Tag Archives: Analysis

Analyse 2016 Library Survey for Research Context

I allowed myself the whole of February for this, so I am quite pleased that I’ve done a large part of my analysis already.  I’ve been through all the survey responses for 13 of the 33 questions that were asked: I picked out questions that might yield clues about how students viewed general library induction, and library e-resource training.

I’ve also made a rather nice table charting respondents’ usage of various e-resources, mapped against expressed interest in receiving training in the same resources.  (If there’s one aspect of research in which I share a common interest with the social scientists, it’s in beautiful graphs!)  I have my own interpretation of these statistics, but I’ll meet up with one of my colleagues to discuss them before reaching final conclusions, just in case another person might have a different interpretation of the same figures.

The respondents’ answers and freetext comments, combined with the e-resource usage and training interest data, will inform the intervention(s) that I plan to devise.



Here follows the analysis of the questionnaire. (1346 words):-

Information gleaned from the 2016 library user survey at RCS: Analysis

Responses have more than doubled between 2009 and 2016.

Since 2014, student responses have made up 85-89% of total.  In 2016, there were 176 student responses, and 32 from staff.  58-64% of responses self-identified as School of Music; 25-34% as School of Drama.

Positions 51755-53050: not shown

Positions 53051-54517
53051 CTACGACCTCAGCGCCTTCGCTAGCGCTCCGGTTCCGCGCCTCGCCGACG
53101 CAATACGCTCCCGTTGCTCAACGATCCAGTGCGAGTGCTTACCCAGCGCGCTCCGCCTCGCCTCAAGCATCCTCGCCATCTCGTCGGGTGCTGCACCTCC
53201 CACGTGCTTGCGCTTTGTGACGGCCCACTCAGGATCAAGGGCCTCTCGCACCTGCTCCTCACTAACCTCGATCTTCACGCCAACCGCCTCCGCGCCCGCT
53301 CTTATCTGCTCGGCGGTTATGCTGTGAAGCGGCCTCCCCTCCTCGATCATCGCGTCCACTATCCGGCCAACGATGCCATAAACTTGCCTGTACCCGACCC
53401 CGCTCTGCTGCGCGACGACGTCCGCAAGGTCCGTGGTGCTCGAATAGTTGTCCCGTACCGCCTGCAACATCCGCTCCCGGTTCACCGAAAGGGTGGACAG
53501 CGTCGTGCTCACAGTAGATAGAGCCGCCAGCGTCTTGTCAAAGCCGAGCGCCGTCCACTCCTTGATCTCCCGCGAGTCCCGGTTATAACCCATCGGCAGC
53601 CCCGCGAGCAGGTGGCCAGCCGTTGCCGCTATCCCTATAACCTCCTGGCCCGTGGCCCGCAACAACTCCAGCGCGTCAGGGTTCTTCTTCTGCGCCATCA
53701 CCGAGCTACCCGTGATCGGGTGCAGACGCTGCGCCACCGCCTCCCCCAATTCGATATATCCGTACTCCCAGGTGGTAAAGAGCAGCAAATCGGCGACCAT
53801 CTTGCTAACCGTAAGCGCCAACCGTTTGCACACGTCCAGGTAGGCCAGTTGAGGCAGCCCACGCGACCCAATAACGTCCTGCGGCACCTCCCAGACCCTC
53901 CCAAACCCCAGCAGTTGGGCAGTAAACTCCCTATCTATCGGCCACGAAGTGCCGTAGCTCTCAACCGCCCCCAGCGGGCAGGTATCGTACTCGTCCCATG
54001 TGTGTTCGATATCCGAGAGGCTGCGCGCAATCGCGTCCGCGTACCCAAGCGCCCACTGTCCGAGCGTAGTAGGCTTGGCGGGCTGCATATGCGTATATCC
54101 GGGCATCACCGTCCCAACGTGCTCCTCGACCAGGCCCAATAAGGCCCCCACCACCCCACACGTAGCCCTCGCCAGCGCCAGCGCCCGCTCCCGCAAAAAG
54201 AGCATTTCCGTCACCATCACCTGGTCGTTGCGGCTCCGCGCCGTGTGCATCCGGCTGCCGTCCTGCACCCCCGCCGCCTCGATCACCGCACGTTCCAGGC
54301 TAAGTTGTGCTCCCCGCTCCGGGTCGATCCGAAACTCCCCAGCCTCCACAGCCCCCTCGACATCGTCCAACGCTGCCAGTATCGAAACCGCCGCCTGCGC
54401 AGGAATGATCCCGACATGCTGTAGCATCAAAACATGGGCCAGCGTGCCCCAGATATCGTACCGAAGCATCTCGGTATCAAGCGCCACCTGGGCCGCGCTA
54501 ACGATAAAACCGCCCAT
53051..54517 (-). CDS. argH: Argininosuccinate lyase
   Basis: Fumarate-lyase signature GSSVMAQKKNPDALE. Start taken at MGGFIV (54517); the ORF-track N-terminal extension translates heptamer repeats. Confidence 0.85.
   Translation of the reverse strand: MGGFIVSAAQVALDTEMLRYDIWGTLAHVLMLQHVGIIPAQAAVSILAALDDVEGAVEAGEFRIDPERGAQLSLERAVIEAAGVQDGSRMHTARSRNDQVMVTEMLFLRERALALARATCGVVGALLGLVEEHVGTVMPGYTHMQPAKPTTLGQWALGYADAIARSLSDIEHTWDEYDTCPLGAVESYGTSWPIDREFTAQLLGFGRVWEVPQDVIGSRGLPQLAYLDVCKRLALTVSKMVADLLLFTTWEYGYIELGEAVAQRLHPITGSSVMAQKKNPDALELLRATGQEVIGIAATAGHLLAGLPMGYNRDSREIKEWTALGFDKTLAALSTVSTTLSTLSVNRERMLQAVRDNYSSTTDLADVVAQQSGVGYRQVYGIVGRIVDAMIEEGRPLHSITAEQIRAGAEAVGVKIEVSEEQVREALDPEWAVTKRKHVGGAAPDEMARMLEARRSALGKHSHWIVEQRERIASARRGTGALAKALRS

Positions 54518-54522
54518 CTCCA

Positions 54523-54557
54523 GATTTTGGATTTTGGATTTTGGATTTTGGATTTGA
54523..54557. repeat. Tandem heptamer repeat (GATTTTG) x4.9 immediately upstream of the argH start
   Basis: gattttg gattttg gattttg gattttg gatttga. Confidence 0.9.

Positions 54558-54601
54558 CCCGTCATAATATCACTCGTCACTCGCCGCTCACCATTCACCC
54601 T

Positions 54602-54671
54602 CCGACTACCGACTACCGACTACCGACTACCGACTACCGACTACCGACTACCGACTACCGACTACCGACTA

79% of student responses were by undergraduates, and  21% of responses were by postgraduates (total 100%).  11% of student  respondents were international.


88% of respondents used the library for books and music.  Second and third most popular reasons were to use IT facilities (69%) or to study (61%).   To use the catalogue (41%), borrow DVDs (39%) or use electronic resources (38%) were the next most popular reasons – significantly lower.  All other reasons scored less than these. Note that the question did not ask why respondents visited the library, but what they used the library for, so catalogue and e-resource use need not have taken place within the library space.   Significantly, catalogue and e-resource use are nonetheless important activities, albeit a long way behind the use of books and music.


In terms of using the library space, using the PCs was the most popular activity (71%), with laptop use or silent study coming significantly behind (58% each). None of the 18 comments concerned e-resource use or difficulty finding/accessing any kind of resource.


73% of respondents have used the catalogue remotely; 27% have not.  This answer leads into the next, more important one:-


58% of respondents usually find what they’re looking for; 31% sometimes do – a total of 89%. Less than 3% “hardly ever” or never find it, leaving 8% who have never used the catalogue.  These figures show room for improvement.  On the face of it, retrieval of suitable materials is not always successful.